First up, this is definitely mostly abstract with a very light brush of theme, where players secretly and simulatneously choose the placement of some of their pieces based on what cards they have in hand. Each player has a very small deck of cards with a card for each of your nine pieces. Each piece is placed on the board, which consists of an arrangement of a selection of double-sided boards. These boards are grids, with squares representing fields, forests, roads, or cities, and sometimes even combinations of each. Because there are several of them and they're double-sided, plus the fact you can arrange them in different directions, you can get many, many different combinations out of this.
The pieces all have the ability to "claim" certain territories on the board with influence markers (read: VPs), though the rub here is that they don't claim them immediately. The entire end or scoring phase of the game consists of players using their pieces to claim the territories around them. So your Knight, for example, can claim any Terrain type within one orthangonal square of his placement, whereas a Guard Post can claim only roads but can do so up to 2 squares away.
Each piece has a speed, and speed matters both for playing and for scoring. The low-numbered pieces are faster and are placed and get to score first, but they often have much smaller ranges than their slower, more powerful counterparts.
There's also quite a bit of gaminess here as each board may only have one player play on it per turn, so a faster piece may select a spot on one of the boards just to deny a slower piece a prime spot.
Oh, and did I mention you can't play a piece in either a row or column that you've placed one before? Yep. The rules come up with some cutesy names for these previous two rules ("Cooperation is hard" for row/columns, and "Speed chooses the field" or something similar for the one player per board per turn thing.)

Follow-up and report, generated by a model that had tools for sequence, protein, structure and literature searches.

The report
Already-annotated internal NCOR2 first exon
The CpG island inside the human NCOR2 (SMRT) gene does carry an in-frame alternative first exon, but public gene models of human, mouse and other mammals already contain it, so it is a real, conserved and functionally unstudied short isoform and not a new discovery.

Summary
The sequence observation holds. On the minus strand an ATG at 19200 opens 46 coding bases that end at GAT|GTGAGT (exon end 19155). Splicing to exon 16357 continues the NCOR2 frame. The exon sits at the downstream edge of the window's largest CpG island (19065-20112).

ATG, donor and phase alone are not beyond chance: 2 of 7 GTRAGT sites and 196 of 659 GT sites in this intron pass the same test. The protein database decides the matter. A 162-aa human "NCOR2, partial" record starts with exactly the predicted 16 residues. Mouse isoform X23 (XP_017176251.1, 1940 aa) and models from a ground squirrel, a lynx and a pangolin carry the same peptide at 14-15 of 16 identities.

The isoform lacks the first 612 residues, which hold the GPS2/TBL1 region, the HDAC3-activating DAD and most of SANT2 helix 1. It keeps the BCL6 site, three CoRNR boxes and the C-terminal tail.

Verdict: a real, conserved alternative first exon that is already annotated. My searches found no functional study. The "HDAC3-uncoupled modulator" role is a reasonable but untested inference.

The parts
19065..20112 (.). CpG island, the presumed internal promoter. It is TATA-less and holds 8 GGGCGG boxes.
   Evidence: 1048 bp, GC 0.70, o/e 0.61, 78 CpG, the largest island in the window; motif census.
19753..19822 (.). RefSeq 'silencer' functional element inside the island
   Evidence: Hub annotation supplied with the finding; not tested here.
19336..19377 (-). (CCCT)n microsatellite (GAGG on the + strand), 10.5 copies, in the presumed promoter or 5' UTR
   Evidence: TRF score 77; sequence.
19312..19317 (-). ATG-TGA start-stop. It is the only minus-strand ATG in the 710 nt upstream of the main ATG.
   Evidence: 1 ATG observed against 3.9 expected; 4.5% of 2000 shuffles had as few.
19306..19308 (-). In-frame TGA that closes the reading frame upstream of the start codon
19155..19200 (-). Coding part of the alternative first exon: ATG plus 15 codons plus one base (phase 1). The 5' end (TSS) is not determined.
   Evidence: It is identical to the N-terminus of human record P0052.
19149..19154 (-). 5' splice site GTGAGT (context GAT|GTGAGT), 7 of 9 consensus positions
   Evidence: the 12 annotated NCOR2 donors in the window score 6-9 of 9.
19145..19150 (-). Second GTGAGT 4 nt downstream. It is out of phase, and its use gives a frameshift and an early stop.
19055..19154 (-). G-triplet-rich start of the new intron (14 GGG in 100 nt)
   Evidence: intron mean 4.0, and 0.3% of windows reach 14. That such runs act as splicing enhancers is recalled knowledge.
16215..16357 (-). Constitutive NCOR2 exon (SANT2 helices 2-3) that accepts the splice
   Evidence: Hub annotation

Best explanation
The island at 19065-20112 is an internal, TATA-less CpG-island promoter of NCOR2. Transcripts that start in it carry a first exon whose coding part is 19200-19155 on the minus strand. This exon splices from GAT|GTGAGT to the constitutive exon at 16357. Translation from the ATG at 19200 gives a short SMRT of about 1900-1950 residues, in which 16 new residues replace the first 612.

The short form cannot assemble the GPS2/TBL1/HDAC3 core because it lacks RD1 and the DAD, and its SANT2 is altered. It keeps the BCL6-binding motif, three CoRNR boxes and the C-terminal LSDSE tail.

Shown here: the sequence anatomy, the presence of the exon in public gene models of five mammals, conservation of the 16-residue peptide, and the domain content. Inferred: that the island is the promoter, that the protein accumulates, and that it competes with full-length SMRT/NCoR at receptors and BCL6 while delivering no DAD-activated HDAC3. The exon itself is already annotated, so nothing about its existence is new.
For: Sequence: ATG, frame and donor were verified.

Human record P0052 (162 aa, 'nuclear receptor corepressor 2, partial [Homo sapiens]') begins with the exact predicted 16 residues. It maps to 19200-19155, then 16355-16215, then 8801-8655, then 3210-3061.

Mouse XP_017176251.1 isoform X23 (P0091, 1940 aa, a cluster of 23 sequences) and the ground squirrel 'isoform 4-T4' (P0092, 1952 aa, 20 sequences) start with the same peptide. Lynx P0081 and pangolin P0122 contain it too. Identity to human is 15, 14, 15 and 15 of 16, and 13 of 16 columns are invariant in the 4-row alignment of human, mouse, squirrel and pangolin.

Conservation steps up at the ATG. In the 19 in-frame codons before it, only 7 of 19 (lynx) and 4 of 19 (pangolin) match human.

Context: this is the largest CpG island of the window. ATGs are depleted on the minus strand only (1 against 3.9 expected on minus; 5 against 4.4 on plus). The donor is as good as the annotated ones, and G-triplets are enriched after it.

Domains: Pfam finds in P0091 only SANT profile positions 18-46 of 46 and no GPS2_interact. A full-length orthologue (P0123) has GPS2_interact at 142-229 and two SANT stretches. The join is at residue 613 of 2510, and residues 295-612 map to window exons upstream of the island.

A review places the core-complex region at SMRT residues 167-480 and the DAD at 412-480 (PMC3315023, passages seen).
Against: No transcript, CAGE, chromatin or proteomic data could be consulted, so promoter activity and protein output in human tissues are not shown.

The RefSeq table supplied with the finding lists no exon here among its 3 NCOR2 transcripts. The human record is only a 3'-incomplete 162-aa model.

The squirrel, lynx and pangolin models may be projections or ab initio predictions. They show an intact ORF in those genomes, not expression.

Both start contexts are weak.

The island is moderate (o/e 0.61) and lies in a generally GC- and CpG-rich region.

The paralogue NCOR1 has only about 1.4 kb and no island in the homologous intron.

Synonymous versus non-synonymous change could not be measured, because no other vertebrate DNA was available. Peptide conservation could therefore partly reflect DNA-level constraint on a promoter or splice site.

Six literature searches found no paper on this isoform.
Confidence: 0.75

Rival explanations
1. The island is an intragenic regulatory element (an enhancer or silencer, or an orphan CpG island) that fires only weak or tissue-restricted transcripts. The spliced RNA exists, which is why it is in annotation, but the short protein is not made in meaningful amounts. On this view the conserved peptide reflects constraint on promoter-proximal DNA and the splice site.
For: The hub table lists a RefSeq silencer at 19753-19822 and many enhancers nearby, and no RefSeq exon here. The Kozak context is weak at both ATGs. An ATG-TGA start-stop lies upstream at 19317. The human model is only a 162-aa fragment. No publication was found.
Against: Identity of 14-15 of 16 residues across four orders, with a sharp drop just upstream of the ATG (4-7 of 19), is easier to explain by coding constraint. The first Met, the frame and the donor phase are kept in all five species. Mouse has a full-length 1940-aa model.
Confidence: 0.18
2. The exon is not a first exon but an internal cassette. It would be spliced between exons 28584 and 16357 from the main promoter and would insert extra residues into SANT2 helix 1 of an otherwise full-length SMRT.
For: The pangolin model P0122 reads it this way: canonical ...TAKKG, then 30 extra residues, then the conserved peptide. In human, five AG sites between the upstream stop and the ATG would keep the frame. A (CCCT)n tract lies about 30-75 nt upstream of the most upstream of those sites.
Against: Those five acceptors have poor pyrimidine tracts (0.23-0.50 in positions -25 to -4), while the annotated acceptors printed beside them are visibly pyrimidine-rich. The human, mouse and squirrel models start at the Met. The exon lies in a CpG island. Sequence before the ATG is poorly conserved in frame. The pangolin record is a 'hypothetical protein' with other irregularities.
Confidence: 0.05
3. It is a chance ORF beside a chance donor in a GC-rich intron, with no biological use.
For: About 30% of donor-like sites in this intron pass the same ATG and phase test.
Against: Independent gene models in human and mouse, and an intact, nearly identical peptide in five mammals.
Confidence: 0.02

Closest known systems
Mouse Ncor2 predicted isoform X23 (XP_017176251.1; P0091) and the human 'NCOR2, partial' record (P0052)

So as you play, your available choices will continue to narrow, both in terms of where your opponent might force you to play as well as not being able to put duplicate pieces in rows and columns.
These cards/pieces do have special abilities, however. Many of them allow you to move another of your previously played pieces; you don't have to obey the row/column for moving pieces, so this is a great way to open your options back up.
Once all players have played all but one of their cards, the main part of the game ends and scoring commences. Once again in speed order, the players claim terrain with influence markers. You're not allowed to trace a path through an opponent's piece, which is where things get tricky and a lot of blocking takes place. So while your slow pieces have these huge claim ranges, often by the time their turn comes to claim they will find their pickings a lot more limited--or worse yet, completely blocked by your opponent. Also, if two pieces of the same speed want to claim the same square, the closest wins ties, with no one claiming the spot if the distance is also tied.
Cities themselves are a highly contested terrain type, as each of those get two influence markers when claimed. A great deal of the gameplay is going to boil down to who can muscle their way into claiming more cities.
Once all the claiming is done, tally up your influence on the board, high score wins. That's pretty much it.
I didn't mention the fact that the pieces are double-sided, and there are actually two sets of cards per player. The "missives" are the default side (all their speeds end in 0) and are generally simpler to use, while the "Sun" side (with speeds ending in 5) are considered to be more advanced and have vastly different powers than their counterparts. Between the mix of boards, pieces, and cards, you've got a large amount of replayability right out of the box. I found this variability very cool.
We squeezed in several games of it as once you get the rhythm down, the game plays pretty quickly. It is definitely a brain burner as you have to essentially be able to visualize the layered scoring at the end, building the board as you go. What looks like a sure play early in the game can end up being worthless as faster pieces position themselves to gobble up premium spaces.
It is definitely very dry. The theme is lightly dusted on for sure. I mean, okay, Rangers claim forests, Guard Posts "watch" the roads, but...yes, very thin theme.
I like it for what it is. It's certainly a game with a hell of a lot more choices than something like Kingdom Builder. You will smoke your brain as you work your way through piece placement, continually envisioning how the pieces on the board will affect each other come scoring time.